Lens. As mentioned above, every stop of light will count. Therefore, you should choose a lens that is wide, sharp at wide apertures, and that can open at below f/2, the optimum being f/1.4 or below. Sigma, Lowa and Samyang have sharp enough and cheaper options.

sony a7s for aurora

  1. Credits: Sony



Shutter speed. Go for the lowest for real-time. 1/25’’ if you can, if not 1/30’’ will work. Don’t use lower shutters that you re-accelerate in post, as it will not be real-time and actually bring you undesirable noise movement that is very hard to remove.

ISO. Anywhere between 12800 to 100K to achieve a correct exposure.

Aperture. Prefer an aperture that is wide open in most cases. It is better to accept a degree of aberration, degrading slightly the quality of stars and corners, rather than stopping down and letting the noise destroy the general


Picture Profile (PP). Most cameras offer different ‘filming modes’ with different ‘gammas’ and ‘color gamuts’. Standard filming is when both gamma and CG are set to ‘still’ (same as pictures). However, this ‘standard’ filming mode offers quite a limited dynamic range, much like shooting a still picture in ‘auto’ mode instead of ‘Manual’. All professionals and more advanced filmmakers never use the ‘no PP mode’, as they want to take advantage of a wider dynamic range to post-process the sequence, also called ‘color grading’.

realtime aurora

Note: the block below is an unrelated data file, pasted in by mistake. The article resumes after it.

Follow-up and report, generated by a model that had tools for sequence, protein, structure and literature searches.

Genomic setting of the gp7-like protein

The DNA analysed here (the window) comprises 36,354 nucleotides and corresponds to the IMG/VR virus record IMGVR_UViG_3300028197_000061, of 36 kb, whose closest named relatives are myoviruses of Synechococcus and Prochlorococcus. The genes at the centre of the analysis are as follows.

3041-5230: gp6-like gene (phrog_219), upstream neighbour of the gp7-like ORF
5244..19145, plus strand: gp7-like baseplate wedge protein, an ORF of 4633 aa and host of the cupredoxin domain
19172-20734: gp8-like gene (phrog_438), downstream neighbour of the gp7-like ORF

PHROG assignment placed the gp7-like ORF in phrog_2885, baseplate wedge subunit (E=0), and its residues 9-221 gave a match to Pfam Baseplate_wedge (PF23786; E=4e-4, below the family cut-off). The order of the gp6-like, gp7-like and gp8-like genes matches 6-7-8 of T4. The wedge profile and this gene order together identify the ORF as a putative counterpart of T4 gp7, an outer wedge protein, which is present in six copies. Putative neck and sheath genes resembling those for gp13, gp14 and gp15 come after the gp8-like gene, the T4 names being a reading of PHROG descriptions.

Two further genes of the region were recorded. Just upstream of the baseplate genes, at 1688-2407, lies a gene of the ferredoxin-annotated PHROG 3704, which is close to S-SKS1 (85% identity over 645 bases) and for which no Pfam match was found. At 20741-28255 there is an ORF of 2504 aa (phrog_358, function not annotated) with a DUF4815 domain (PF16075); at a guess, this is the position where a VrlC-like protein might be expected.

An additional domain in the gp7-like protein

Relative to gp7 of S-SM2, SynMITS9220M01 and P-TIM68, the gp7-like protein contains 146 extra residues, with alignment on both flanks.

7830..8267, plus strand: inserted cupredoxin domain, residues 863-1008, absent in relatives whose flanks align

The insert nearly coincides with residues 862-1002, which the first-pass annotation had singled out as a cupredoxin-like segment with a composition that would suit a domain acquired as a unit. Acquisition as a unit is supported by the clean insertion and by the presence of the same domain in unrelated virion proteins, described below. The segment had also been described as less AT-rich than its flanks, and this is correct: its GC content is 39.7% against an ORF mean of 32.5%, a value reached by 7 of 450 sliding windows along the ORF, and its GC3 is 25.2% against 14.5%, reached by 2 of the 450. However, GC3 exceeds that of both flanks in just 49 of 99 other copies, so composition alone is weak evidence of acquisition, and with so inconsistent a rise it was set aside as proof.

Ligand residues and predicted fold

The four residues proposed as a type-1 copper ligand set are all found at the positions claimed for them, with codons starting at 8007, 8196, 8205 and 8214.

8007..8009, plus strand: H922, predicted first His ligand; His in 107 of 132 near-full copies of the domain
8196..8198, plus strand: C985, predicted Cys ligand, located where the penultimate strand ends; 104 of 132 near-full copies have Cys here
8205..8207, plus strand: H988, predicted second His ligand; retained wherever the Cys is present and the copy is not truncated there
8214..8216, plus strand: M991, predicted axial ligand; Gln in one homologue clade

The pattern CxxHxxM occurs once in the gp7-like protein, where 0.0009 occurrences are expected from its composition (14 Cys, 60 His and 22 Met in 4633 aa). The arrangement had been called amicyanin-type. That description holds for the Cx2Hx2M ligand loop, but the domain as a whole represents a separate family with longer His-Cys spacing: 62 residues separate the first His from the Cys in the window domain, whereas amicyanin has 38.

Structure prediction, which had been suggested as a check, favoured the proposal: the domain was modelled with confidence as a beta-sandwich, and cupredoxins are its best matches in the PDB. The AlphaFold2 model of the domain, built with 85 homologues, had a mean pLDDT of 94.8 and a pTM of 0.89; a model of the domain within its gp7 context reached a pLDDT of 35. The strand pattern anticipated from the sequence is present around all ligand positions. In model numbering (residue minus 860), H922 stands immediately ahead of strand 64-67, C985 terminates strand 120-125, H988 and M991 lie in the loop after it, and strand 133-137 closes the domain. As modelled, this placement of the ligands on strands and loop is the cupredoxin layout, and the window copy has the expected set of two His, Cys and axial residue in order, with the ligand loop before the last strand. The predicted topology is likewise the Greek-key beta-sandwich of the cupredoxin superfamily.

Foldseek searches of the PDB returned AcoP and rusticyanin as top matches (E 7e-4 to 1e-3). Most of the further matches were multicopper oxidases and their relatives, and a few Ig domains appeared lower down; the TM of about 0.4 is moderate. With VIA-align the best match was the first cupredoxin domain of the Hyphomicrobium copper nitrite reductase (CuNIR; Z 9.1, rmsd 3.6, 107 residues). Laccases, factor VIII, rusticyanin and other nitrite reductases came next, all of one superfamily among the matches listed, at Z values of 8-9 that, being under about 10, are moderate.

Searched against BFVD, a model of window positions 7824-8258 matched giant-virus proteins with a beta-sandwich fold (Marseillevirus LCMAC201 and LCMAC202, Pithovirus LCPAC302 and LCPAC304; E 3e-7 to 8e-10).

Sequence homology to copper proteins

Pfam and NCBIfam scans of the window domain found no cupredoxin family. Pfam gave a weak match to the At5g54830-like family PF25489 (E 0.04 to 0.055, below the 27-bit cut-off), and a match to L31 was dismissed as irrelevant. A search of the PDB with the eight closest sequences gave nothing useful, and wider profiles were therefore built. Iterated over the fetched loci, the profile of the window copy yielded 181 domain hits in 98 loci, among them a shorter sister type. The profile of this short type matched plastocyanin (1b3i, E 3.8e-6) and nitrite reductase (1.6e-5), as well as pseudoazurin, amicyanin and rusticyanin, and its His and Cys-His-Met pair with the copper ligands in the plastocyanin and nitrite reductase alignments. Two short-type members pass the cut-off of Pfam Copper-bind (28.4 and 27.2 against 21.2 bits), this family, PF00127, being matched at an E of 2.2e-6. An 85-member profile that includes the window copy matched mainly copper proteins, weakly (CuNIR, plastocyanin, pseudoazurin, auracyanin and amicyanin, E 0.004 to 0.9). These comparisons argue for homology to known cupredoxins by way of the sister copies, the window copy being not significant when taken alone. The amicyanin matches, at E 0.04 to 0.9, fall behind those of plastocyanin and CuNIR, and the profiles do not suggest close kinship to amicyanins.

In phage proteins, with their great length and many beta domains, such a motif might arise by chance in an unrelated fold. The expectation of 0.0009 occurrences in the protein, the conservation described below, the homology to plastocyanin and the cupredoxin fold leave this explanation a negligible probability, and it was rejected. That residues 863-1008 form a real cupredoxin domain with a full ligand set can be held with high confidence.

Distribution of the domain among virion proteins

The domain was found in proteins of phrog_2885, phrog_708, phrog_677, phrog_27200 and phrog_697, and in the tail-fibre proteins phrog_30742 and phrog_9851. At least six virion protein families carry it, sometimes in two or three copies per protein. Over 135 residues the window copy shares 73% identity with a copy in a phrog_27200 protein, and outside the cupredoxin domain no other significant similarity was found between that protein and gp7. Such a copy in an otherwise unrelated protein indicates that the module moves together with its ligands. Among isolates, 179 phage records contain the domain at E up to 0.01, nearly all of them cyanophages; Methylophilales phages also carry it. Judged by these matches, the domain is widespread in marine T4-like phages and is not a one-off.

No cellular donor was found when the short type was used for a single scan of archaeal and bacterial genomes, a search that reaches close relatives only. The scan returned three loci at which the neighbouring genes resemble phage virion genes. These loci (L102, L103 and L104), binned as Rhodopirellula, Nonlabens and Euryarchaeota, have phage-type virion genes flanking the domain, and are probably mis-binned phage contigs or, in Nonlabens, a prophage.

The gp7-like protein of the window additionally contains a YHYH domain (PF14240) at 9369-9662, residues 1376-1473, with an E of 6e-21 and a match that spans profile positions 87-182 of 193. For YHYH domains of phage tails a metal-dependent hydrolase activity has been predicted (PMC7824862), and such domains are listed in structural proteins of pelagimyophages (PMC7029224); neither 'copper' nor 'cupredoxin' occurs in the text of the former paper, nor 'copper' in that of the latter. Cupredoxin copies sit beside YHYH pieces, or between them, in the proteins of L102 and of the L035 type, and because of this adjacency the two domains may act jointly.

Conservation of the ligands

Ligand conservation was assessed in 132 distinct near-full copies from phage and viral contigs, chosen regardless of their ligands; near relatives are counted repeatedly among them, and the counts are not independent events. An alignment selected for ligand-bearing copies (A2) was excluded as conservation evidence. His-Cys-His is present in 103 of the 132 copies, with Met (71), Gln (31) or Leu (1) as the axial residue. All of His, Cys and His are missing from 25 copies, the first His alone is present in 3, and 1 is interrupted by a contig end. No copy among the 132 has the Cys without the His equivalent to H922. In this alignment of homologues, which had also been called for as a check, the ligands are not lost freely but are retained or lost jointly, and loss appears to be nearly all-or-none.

1. Credits: Adrien Mauduit – Filming the Aurora Borealis real-time



Changing between picture profiles essentially does not change the amount of noise, just the dynamic range and the general look. However, some PPs will force you to increase the ISO more to achieve a good exposure in pitch dark conditions, which will bring you a noisy film. Some other PP, like ‘no PP’ will just make noise more visible in post-processing, because of the poor dynamic range and decreased color-grading possibilities. So, which is the best PP for aurora, which gives you the best results straight out of the camera, without having to buy an expensive professional noise-reduction software or spend hours of color-grading?


Many professionals usually never dare to use anything else than ‘Log’ gamma, as this PP gives you the best dynamic range. Depending on the manufacturer, it may be called S-Log (Sony) or C-Log (Canon) for example. However, if you are not shooting in situations where you have hard contrasts (city lights, full moon…), pitch black scenes have a very narrow dynamic range anyways. Plus, it is always recommended to overexpose by at least 2 stops of light to achieve a good exposure with S-Log. In order to do so, you’ll have to crank up the ISO to unimaginable values (>80K) and that will bring you much more noise, especially if the signal to noise ratio is poor. That’s when even professionals struggle to color-grade such sequences with powerful noise-reduction algorithms!

Filming the Aurora Borealis real-time

  1. Credits: Adrien Mauduit – Filming the Aurora Borealis real-time


For Sony cameras, the PP that gives you the best results straight out of the camera with very limited noise, even at high ISOs is PP6 (Cine 2 gamma). It gives you slightly less dynamic range than Log, but it will only give you minimal grading work and remember that the dynamic range at night is not very wide anyways (no hard contrasts), except maybe when shooting towards the full moon (hence Cine 2 over Log). For Canon cameras, you might want to look into changing to C-Log, or at least lift the blacks for the gamma. That will give you generally better results, even without post-processing.


Hope you enjoyed the quick guide to Filming the Aurora Borealis real-time.